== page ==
TE Con­nec­tiv­ity makes load-bear­ing pro­duc­tion parts

The Witness - Wheels - - FRONT PAGE -

UN­VEILED at Rapid 2015 in Long Beach, Cal­i­for­nia, TE Con­nec­tiv­ity’s ex­er­cise in 3D print­ing demon­strates the abil­ity to de­sign a mo­tor­cy­cle on a com­puter, print it in plas­tic, add tyres and a mo­tor, then take it for a spin. While the re­sult may not quite be ready to hit the high­way, the con­cept is still noth­ing short of ex­cit­ing.

Con­sid­er­ing that fun­da­men­tal parts such as the frame and wheel bear­ings are en­tirely printed in plas­tic, one would agree that TE’s goal to show that the tech­nol­ogy can be used to man­u­fac­ture load-bear­ing pro­duc­tion parts has been achieved. Mod­elled in a Har­ley-David­son Sof­tail fash­ion, the mo­tor­cy­cle mea­sures around 2,4 m long, weighs 113,4 kg and con­sists of more com­po­nents than its de­sign­ers can ac­count for. Its frame, printed af­ter a process of trial and er­ror, can sup­port a to­tal of 181 kg.

Apart from the small elec­tric mo­tor and tyres, some other out­sourced parts in­clude the brak­ing sys­tem, elec­tri­cal wiring, bat­tery, belt drive, mir­rors, side stand and some bolts.

The high­light is, of course, its fully func­tion­ing sta­tus. A small one hp (750 W) elec­tric mo­tor can power a 24 km/h ride for sev­eral min­utes. Though this may not sound ground­break­ing, it doesn’t nec­es­sar­ily need a big­ger bat­tery or a stronger en­gine to make a point as a show bike at a con­fer­ence on print­ing, scan­ning and ad­di­tive man­u­fac­tur­ing. All that mat­ters is that, af­ter some 1 000 work hours and $25 000 (R300 000), TE Con­nec­tiv­ity has come up with a proper mo­tor­cy­cle in­deed.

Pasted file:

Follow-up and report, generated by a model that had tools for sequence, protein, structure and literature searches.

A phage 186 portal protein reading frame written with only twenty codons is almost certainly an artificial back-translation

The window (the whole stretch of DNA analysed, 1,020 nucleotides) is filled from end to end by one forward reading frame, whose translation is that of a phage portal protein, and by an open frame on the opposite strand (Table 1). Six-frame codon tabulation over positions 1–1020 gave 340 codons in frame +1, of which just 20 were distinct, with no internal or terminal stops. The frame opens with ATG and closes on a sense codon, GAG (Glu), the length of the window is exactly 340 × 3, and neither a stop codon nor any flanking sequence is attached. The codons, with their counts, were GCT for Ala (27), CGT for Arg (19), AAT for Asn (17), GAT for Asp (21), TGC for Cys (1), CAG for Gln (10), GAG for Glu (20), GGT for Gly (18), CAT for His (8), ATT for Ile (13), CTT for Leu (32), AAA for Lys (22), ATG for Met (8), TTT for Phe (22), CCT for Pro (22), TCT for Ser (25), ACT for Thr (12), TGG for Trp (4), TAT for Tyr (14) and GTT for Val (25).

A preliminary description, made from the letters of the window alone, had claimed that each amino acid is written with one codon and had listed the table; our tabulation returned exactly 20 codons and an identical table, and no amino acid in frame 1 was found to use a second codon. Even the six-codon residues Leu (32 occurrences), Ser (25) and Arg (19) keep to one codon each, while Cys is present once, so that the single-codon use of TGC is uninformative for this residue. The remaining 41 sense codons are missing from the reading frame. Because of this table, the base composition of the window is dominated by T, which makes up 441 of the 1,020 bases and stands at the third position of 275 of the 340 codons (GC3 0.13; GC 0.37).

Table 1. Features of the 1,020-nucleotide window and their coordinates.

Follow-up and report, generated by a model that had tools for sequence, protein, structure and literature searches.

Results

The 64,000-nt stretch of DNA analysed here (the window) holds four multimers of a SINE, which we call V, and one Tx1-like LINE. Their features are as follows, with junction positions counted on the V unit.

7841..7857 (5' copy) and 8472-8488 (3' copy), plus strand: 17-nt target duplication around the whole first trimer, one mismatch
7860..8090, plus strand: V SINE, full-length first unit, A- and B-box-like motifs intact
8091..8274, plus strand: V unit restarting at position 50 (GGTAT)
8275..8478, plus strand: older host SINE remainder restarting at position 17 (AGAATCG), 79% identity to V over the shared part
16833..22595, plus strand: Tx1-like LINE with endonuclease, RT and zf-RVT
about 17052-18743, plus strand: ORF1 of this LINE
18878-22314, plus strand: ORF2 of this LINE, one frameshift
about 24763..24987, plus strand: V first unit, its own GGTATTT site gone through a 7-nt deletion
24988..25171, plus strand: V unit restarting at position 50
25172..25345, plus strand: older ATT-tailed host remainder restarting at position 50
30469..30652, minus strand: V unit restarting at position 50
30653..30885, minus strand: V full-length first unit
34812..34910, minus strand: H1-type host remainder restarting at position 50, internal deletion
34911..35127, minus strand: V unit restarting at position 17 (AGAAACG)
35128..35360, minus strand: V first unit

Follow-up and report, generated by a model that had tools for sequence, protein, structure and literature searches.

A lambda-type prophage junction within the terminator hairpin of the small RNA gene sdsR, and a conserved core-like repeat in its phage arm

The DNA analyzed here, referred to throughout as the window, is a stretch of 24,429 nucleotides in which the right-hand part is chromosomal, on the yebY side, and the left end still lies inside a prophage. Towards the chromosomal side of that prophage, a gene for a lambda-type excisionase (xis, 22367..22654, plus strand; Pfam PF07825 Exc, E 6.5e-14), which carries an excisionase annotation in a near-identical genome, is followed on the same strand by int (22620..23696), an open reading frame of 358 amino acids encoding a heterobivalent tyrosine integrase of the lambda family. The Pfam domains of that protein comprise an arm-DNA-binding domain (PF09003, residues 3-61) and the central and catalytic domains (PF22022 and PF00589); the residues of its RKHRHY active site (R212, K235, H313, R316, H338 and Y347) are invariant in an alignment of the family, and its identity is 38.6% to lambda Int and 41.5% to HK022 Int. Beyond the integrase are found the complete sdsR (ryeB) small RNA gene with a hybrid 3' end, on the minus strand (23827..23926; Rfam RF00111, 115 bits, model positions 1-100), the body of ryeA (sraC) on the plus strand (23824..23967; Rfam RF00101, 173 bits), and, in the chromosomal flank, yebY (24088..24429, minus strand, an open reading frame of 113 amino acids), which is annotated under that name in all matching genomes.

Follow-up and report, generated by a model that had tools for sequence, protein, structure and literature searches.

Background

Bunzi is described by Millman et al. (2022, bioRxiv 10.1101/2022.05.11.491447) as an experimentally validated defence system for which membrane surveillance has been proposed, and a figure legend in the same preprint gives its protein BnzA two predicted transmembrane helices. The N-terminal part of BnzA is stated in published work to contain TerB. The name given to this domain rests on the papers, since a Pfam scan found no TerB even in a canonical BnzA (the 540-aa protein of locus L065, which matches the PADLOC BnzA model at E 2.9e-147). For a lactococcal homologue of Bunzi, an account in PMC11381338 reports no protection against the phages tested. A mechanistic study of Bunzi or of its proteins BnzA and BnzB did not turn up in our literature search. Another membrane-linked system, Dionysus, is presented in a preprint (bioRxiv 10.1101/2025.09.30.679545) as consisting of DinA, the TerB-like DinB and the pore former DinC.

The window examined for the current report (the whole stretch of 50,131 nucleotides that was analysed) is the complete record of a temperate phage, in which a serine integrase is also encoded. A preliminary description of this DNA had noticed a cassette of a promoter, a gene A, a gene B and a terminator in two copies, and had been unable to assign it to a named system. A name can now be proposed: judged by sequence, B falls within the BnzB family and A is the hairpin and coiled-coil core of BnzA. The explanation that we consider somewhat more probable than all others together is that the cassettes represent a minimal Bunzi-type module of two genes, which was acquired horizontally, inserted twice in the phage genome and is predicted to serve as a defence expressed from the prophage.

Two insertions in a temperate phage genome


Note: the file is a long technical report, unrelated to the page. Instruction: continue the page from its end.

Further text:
The main load-bear­ing parts were con­structed with fused de­po­si­tion mod­el­ling tech­nol­ogy, the process of in­ject­ing layer upon layer of ABS (acry­loni­trile bu­ta­di­ene styrene) plas­tic en­riched with the heat-re­sis­tant resin Ul­tem 9085. With this process, TE printed sev­eral parts with com­plex dy­namic prop­er­ties, such as the frame. The wheel bear­ings sound tricky to fab­ri­cate, es­pe­cially the rear one that was printed into a sin­gle piece with the hub and the drive sprocket. Af­ter some testing, both bear­ings re­port­edly held up against the load they must bear and the heat gen­er­ated in the process. Equally dif­fi­cult work has prob­a­bly been in­volved in the fab­ri­ca­tion of the wheel rims, which have to sup­port real mo­tor­cy­cle tyres with fully in­flated tubes. — Giz­


(ABOVE and LEFT) The 3D-printed mo­tor­cy­cle, on dis­play. The V2 block is just a plas­tic mockup, the real mo­tor is hid­den in the fake ‘oil tank’ be­hind it.

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